Wednesday, May 10, 2006

My Head Will Soon Explode

On Slate, there are two interesting music articles. One on anti-rockism, or the nature of criticism, by Jody Rosen, entitled "Does Hating Rock Music Make You A Music Critic?" and the other is about two recent angry reactions to Stephen Merrit's alleged hatred of all music by blacks. And Justin Timberlake. You figure it out. I'm more interested in Rosen's article, because I think many critics are now at all times poised to angrily, and perhaps mindlessly jump on anyone who voices their disapproval of rap music. Rosen says this:

"I love hip-hop and commercial R&B and Nashville country and teen pop, and have spent much of my professional life listening to and writing about pre-rock Tin Pan Alley pop, a genre that rockists insult by ignoring completely. I'm not so crazy about most indie rock, never cared much for Neil Young, and will listen to the new Pearl Jam album only out of a sense of professional obligation. I think Britney Spears' "Toxic" is one of the greatest songs of the new century, that the Backstreet Boys' "I Want It That Way" was one of the great ones of the last, and that R. Kelly's "Ignition (Remix)" is as transcendent as any Holland-Dozier-Holland Motown classic I've ever heard—and what's more, most other critics I know agree."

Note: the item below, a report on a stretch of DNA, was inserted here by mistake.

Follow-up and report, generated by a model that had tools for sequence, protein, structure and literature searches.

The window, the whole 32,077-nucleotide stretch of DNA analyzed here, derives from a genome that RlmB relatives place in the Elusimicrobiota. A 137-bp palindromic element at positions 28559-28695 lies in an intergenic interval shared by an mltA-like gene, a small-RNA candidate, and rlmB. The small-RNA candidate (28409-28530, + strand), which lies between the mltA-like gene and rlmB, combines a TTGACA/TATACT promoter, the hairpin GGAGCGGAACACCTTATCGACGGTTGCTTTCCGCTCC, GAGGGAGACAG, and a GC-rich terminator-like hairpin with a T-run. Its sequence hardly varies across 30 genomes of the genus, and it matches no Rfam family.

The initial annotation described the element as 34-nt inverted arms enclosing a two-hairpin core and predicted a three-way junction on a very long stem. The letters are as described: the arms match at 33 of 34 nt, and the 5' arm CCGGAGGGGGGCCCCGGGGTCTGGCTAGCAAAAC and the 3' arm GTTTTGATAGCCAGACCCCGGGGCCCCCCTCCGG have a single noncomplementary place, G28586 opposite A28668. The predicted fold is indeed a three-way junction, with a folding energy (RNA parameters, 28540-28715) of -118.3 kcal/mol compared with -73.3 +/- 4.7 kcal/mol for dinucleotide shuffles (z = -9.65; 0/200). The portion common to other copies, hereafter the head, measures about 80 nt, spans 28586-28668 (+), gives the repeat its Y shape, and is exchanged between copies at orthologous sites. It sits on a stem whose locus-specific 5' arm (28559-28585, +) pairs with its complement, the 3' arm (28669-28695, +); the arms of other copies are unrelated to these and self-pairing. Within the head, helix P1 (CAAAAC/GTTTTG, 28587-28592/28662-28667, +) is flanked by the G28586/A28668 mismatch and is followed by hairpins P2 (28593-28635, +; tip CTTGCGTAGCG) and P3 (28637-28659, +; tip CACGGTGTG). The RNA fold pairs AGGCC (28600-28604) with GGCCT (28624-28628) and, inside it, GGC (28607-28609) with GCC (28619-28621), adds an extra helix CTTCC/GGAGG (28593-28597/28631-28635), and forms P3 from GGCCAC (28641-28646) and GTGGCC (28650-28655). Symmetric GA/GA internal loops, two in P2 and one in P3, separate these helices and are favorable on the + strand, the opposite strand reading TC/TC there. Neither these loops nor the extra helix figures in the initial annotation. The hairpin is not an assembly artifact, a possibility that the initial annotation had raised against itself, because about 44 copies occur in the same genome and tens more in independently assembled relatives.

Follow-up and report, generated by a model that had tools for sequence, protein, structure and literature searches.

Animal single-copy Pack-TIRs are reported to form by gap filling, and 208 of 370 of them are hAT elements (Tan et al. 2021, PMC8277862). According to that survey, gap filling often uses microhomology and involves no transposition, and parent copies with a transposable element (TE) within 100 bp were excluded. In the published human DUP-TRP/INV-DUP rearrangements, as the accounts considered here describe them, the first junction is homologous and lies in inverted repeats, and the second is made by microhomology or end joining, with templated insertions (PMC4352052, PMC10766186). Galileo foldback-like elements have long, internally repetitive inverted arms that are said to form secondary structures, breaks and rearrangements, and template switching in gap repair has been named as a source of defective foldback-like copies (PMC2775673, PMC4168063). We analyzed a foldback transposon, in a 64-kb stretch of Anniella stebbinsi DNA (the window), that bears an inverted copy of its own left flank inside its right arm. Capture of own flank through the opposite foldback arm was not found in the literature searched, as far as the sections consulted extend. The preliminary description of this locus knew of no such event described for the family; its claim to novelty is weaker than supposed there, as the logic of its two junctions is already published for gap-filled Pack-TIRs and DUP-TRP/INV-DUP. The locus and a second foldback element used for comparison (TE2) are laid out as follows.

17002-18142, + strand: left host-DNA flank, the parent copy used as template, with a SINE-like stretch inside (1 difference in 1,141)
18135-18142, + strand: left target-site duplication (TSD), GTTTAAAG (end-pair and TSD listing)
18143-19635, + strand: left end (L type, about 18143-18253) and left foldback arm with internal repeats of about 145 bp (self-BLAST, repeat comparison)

Fair enough. I honestly would like Rosen to define "most indie rock," not out of snobbery or to make a snide suggestion, but because I'm really curious. Indie rock cuts a wide swath - the Smiths are still considered "indie" though they influenced acts as different as Outkast and Pete Torn, and so is Modest Mouse, despite the fact that the latter is signed to a major label. And if you want to trot out the usual swipes at Indie - much of it's pretentious (Fiery Furnaces, Arcade Fire), or culturally irrelevant (will Yo La Tengo alter your life? I wouldn't imagine, but what about "Toxic" will?), or most of its fans are elitist (sue us, we had disaffected childhoods), but if you admit these, then certainly you could admit that pop music, most mainstream hip-hop or country can be misogynystic (do I need to cite examples in hip hop? Okay, Eminem and 50 Cent. Yeah, groundbreaking criticism, this), utterly mindless (A few years ago, Toby Keith wanted to firmly lodge a boot up Osama bin Laden's ass. I wonder who it is these days? Ahmaninejad?), cliche (most mainstream popular things are), and generally lowest common denominator. I wonder if "rockists" and the incredibly stupid-termed "poptimists" listen to music for different reasons. Maybe we both like hooks. Do you watch the Godfather and Ferris Bueller for the same reason? That's not a good comparison, because I would imagine that many people have both in their collections. Fewer likely have the new Band of Horses and whatever is big in Country right now. But then, more likely have Common and Tapes 'N Tapes. So maybe we can all pile on country music. I don't know. Boiling music taste into some kind of philosophy tends to make everyone look like an asshole. So what am I doing here? I don't know. I'll end with this aphorism: Lou Reed was a douche bag and Jim Morrison was a douche bag, but Lou Reed was a douche bag first.


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